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    Our Code of Conduct

    The Code formally expresses the values that Canadian pilots hold in common and their standards for professional behaviour. The Association’s intention is to reinforce the sense of responsibility that every pilot has to discharge his duties in an exemplary way and to work with others to ensure a safe and efficient marine industry.

    Learn about our code of conduct
quote

Marine pilotage is an important profession that is somewhat hidden from public view, due to its success. Although much of our international trade arrives by sea, many people are not aware that most vessels, once they enter most Canadian waters, are required to have a marine pilot on board to navigate it to its destination. Marine pilots have maintained a record in the order of 99.9% incident free assignments for all of their assignments over the course of many years.

Transport Canada, Message from the Chair – Marc Grégoire,
Pilotage Act Review, 2018, p. i.
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Pilots hold strongly to their independence as professionals, asserting a need to exercise independent judgement in critical situations. Their positive safety record across thousands of pilotage assignments suggests that public faith in their skill and professionalism is well founded.

Transport Canada, Code of Conduct / Code of Ethics,
Pilotage Act Review, p. 32
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Pilots are highly experienced seafarers with extensive local knowledge and using their services to help steer ships through narrow channels and in ports derives from old maritime tradition. Ensuring the safe entry of a ship into port is a difficult task that requires in-depth knowledge of local conditions. This means it becomes necessary to have a licensed pilot to conduct the vessel.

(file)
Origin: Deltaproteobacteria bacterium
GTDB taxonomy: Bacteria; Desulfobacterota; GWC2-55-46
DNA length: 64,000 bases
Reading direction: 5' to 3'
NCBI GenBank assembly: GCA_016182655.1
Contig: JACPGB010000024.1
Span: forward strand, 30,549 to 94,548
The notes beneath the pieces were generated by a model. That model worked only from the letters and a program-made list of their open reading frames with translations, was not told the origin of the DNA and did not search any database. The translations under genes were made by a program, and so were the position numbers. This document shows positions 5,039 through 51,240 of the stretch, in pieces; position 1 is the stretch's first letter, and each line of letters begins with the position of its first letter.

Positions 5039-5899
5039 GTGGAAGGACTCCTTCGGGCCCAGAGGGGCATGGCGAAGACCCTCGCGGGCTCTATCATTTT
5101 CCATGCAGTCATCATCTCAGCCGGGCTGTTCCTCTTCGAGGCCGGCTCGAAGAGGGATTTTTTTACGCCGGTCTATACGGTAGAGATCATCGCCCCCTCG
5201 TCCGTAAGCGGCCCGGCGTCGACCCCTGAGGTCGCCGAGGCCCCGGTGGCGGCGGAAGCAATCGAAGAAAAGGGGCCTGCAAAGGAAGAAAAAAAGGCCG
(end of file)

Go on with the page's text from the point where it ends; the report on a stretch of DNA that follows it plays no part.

Capt. D. Pouliot,
Study of Canadian Pilotage Operations and Comparison with International Practices, 2017, p. 50
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In 2016, the magnitude of pilotage costs amounted to approximately one-tenth of one percent of the value of Canada’s entire maritime trade. This figure essentially matches the finding of the 1967 study by Campbell. Therefore, in the context of the national economy as a whole, pilotage costs do not negatively affect Canada’s trade competitiveness for importers and exporters.

The AIM GROUP INC.,
Economic and Competitive Considerations in the Provision of Marine Pilotage in Canada, 2018, p. 39